February 21, 2020 | Feature
tell me how you really feel
the importance of being earnest in an age of irony
Merriam-Webster’s English Dictionary defines “earnest” as “characterized by or proceeding from an intense and serious state of mind.” The Cambridge English Dictionary definition is similar: To be “earnest” is to be “sincere and serious.” To be earnest is to believe in what you say, and to say it. To be earnest is to be the exact opposite of what this world—a world in which truth itself is up for debate—wants you to be. To be earnest is to not worry about starting sentences with the same phrase three times in a row because you want to get your point across. I want to get my point across.
In contrast to earnestness, irony is generally defined as the use of words to convey a message that contradicts their literal meaning. Irony is at play, for example, when we joke about the thrilling weekend of essay writing we have in store. But there is another definition especially present in contemporary culture, both artistic and lived. This definition involves the deliberate construction of an attitude—written, performed, what have you—in order to signal your detachment from the subject or emotion at play. This “I watch The Bachelor, but only as a commentary on the vapidity of the American cultural imagination” type of irony is often used, consciously or otherwise, to signal superiority. You, a Brown student, don’t watch reality television because you like it; you’ve read too much critical theory to simply like things.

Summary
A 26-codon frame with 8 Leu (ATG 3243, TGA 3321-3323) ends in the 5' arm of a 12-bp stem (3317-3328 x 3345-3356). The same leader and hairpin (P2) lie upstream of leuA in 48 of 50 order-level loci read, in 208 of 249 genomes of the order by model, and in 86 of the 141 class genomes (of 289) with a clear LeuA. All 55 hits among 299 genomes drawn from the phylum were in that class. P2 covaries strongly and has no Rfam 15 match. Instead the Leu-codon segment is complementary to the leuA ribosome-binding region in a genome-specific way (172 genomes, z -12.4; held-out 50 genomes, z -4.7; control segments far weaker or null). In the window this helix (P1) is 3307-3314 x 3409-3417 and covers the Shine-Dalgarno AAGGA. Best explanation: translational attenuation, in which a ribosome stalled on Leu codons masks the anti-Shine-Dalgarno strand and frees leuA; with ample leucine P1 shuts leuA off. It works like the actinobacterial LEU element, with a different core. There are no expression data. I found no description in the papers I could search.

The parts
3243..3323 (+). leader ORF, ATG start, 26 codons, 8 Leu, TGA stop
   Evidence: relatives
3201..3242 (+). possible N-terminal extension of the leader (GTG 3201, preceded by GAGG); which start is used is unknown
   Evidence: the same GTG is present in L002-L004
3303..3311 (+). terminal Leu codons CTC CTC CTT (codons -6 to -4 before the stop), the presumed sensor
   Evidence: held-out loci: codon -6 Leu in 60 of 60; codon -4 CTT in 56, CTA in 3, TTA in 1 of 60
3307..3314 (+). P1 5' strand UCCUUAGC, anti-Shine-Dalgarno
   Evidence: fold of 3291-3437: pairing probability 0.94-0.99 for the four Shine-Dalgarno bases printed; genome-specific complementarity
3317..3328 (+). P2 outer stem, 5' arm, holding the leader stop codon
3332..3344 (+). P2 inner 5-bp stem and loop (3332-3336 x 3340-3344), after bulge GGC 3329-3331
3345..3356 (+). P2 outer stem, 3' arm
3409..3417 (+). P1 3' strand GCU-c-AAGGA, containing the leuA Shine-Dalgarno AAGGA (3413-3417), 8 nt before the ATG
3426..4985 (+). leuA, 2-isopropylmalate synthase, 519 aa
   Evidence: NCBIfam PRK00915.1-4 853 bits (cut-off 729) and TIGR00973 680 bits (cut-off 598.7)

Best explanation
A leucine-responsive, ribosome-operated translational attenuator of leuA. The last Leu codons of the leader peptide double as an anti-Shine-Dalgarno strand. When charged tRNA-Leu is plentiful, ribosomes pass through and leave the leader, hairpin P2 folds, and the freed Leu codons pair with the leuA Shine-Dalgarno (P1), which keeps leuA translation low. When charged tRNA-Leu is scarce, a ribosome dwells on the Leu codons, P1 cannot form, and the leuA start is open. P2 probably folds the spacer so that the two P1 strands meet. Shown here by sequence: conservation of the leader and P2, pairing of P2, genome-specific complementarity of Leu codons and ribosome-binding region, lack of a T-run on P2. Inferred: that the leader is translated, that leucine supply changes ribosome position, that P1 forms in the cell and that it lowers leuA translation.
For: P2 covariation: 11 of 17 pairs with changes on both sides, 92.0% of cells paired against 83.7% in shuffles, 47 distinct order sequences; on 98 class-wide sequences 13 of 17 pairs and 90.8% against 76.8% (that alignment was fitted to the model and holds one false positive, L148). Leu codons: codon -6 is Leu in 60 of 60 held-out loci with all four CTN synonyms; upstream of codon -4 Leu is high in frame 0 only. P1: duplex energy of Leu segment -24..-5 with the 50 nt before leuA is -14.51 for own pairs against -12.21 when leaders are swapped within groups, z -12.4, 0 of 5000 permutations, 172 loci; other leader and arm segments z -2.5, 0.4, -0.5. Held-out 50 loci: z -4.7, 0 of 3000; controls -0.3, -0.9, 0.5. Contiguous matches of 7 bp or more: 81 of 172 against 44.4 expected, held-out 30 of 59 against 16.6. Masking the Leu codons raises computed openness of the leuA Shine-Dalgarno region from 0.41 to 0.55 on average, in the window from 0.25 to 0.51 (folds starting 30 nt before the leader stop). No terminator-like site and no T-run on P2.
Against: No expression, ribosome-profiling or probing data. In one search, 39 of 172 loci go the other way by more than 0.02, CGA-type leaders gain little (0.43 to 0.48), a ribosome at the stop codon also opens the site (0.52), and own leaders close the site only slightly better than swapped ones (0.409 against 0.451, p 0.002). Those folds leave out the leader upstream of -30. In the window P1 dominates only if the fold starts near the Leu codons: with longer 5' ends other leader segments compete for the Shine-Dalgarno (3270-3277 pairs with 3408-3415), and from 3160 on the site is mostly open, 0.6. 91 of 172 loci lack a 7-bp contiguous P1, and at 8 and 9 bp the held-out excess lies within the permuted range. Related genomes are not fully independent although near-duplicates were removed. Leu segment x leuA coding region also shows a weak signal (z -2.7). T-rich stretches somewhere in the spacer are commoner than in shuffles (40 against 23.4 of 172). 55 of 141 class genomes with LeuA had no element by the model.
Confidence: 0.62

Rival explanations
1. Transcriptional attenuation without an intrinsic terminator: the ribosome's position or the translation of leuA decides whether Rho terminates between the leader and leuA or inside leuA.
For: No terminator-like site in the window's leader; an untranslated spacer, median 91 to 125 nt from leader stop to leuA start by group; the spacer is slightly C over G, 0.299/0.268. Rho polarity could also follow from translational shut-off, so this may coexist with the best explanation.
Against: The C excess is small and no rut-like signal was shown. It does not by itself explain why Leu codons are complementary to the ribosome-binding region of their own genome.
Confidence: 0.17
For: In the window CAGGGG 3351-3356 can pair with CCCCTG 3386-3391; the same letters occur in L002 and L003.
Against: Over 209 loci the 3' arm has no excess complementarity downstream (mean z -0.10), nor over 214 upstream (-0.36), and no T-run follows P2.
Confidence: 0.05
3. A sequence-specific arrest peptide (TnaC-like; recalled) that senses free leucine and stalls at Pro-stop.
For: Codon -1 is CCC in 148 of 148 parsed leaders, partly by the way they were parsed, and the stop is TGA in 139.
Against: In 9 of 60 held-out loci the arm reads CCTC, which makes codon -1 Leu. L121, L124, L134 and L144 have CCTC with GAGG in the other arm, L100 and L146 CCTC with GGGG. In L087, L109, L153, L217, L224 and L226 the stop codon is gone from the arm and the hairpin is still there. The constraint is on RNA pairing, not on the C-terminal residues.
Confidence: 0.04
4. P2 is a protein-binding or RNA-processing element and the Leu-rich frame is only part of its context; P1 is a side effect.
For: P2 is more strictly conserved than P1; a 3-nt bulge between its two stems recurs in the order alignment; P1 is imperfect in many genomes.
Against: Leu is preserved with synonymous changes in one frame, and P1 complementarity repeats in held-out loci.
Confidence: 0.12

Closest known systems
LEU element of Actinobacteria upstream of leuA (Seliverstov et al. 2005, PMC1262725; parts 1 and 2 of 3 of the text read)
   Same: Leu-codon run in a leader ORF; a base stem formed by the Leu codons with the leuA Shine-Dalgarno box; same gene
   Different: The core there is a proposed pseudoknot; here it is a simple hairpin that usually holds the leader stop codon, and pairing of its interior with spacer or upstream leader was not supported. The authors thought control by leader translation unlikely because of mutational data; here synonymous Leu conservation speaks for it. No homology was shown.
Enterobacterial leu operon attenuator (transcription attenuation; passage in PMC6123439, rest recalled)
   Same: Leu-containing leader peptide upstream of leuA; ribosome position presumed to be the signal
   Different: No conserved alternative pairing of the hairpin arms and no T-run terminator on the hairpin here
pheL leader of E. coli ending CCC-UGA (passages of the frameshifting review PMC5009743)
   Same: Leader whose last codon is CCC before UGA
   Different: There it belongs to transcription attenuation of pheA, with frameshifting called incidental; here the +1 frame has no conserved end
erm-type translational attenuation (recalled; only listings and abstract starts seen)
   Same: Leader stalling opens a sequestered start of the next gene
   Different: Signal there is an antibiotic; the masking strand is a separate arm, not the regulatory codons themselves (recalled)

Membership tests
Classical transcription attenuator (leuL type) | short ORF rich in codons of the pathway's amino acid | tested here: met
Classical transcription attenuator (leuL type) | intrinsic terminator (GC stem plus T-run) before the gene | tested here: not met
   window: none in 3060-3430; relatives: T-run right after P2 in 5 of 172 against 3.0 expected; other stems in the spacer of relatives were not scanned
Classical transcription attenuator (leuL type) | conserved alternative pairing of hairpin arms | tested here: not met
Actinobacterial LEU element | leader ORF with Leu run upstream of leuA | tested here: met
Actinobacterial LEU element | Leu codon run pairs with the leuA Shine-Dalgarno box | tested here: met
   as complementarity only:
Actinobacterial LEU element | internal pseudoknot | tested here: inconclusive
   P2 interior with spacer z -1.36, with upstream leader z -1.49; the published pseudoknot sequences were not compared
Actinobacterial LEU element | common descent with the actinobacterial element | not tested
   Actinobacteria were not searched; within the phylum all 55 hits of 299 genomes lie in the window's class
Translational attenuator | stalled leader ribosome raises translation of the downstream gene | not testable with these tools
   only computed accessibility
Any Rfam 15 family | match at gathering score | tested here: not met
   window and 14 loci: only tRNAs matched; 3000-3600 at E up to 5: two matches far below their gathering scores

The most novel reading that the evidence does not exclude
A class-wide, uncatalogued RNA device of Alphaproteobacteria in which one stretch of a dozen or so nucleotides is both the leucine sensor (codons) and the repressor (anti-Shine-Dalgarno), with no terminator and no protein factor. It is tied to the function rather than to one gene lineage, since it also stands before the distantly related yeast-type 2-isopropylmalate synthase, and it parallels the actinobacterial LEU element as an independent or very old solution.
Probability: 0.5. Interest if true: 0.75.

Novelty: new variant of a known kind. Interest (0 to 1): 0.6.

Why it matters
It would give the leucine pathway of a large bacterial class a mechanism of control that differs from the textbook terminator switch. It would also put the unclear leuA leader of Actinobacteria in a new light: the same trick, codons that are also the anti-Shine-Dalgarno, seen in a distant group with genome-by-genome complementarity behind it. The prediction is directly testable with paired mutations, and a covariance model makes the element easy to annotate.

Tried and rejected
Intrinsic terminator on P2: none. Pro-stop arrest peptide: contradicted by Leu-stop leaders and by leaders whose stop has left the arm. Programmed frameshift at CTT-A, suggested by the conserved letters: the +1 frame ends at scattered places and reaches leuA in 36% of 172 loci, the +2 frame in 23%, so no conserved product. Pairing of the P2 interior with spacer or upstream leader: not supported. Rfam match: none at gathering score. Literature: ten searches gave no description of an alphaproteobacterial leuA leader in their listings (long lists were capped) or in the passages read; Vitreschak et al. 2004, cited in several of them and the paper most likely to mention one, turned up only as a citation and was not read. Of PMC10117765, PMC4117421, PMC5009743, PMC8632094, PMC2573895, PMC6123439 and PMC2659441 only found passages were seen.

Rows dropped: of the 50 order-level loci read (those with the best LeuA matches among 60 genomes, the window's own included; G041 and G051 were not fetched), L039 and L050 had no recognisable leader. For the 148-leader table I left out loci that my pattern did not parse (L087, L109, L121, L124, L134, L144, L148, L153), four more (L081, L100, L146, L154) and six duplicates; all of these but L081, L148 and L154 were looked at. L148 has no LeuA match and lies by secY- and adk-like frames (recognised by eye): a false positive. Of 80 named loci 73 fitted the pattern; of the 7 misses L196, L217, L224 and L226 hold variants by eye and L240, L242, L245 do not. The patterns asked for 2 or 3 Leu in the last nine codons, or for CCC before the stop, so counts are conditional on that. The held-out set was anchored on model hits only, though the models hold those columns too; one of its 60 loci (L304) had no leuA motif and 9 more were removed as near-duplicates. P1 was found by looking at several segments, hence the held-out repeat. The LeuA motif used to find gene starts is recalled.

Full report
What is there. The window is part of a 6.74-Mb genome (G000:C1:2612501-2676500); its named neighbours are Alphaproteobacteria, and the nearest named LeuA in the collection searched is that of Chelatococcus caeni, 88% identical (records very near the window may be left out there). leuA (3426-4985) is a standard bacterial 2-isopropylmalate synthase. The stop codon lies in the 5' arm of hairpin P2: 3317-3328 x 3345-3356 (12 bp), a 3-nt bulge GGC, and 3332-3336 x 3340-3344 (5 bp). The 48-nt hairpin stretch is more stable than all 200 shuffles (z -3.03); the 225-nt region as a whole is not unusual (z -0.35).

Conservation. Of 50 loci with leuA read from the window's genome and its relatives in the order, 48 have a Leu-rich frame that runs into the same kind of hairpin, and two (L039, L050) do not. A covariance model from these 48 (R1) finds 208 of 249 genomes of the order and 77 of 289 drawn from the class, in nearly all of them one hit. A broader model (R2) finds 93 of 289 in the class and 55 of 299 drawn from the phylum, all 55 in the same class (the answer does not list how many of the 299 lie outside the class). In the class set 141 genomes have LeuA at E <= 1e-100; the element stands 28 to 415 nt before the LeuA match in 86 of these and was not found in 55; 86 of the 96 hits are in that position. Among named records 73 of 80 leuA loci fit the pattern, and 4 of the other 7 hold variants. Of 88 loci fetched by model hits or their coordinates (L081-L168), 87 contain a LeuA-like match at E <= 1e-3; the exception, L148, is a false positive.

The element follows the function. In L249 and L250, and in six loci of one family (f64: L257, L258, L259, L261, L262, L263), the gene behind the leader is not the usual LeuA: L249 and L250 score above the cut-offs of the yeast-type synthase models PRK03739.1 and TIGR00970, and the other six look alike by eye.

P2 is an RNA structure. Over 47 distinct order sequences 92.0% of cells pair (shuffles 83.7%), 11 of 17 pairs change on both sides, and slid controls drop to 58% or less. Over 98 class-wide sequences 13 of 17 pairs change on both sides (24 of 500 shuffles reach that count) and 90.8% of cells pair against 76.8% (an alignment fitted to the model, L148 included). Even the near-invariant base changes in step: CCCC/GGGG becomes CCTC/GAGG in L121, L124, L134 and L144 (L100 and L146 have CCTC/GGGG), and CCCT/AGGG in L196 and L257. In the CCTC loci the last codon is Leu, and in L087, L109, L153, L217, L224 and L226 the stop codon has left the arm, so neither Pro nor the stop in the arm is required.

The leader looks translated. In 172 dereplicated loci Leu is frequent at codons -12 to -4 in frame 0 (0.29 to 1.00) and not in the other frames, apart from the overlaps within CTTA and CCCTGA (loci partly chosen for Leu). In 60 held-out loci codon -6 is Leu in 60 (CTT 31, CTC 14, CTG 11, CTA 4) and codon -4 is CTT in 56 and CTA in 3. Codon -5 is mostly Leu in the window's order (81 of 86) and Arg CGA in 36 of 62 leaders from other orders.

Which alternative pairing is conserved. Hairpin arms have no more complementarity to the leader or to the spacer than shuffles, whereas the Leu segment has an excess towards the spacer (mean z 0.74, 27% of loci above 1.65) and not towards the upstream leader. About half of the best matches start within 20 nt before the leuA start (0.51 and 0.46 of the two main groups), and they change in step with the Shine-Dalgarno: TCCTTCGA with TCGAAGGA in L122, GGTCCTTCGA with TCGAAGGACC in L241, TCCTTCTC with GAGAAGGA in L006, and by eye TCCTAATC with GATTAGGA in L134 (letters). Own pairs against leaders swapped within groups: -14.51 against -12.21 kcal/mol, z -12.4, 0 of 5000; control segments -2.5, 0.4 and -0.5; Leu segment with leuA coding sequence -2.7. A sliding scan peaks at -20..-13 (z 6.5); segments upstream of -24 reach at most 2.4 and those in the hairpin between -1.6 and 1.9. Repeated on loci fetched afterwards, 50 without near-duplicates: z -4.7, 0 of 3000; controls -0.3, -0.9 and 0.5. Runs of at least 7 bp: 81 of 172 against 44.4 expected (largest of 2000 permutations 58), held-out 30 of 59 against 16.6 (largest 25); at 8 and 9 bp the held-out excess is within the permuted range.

I don’t mean to attack any of my fellow students. I mean for us all to reflect on the tastes we’ve adopted during our time in college, to reconsider the way we treat each other, and to start moving beyond our brains and into our hearts. I am writing this essay because I am trying to figure out how I want to live, and I don’t think living ironically is it. In a 2012 op-ed for The New York Times, professor Christy Wampole argued that irony “is the most self-defensive mode, as it allows a person to dodge responsibility for his or her choices, aesthetic and otherwise. To live ironically is to hide in public.” To live guided by irony is to believe that directness is antithetical to true meaning—that saying, simply and honestly, what I feel will open me up to criticism that I’m not sure I can take.
There is a gray area, of course. Some of us may start to like something ironically before realizing we actually just…like it. We may legitimately think irony is the highest form of humor and embrace it as a cornerstone of our attitudes in a completely forthright way. But I think most of us, consciously or not, adopt a kind of ironic posturing that allows us to shield ourselves from judgment. Wampole argues that if irony is “a function of fear and pre-emptive shame,” then “ironic living bespeaks cultural numbness, resignation, and defeat.” This fear of showing the world who you really are is a real and valid concern to have. Still, it is one I am trying to overcome.
I am trying to overcome this anxiety because I do not want to live as if my life is already over. I do not want to construct my life around the pursuit of “cool.” I want to be fine with the way I am. I want others to be able to see that.
It is easier for me to write this down than it is for me to say it out loud. It is easier to hide behind a computer screen than it is to look you in the eye and tell you I am baring something of my soul to you. Easier, and still hard.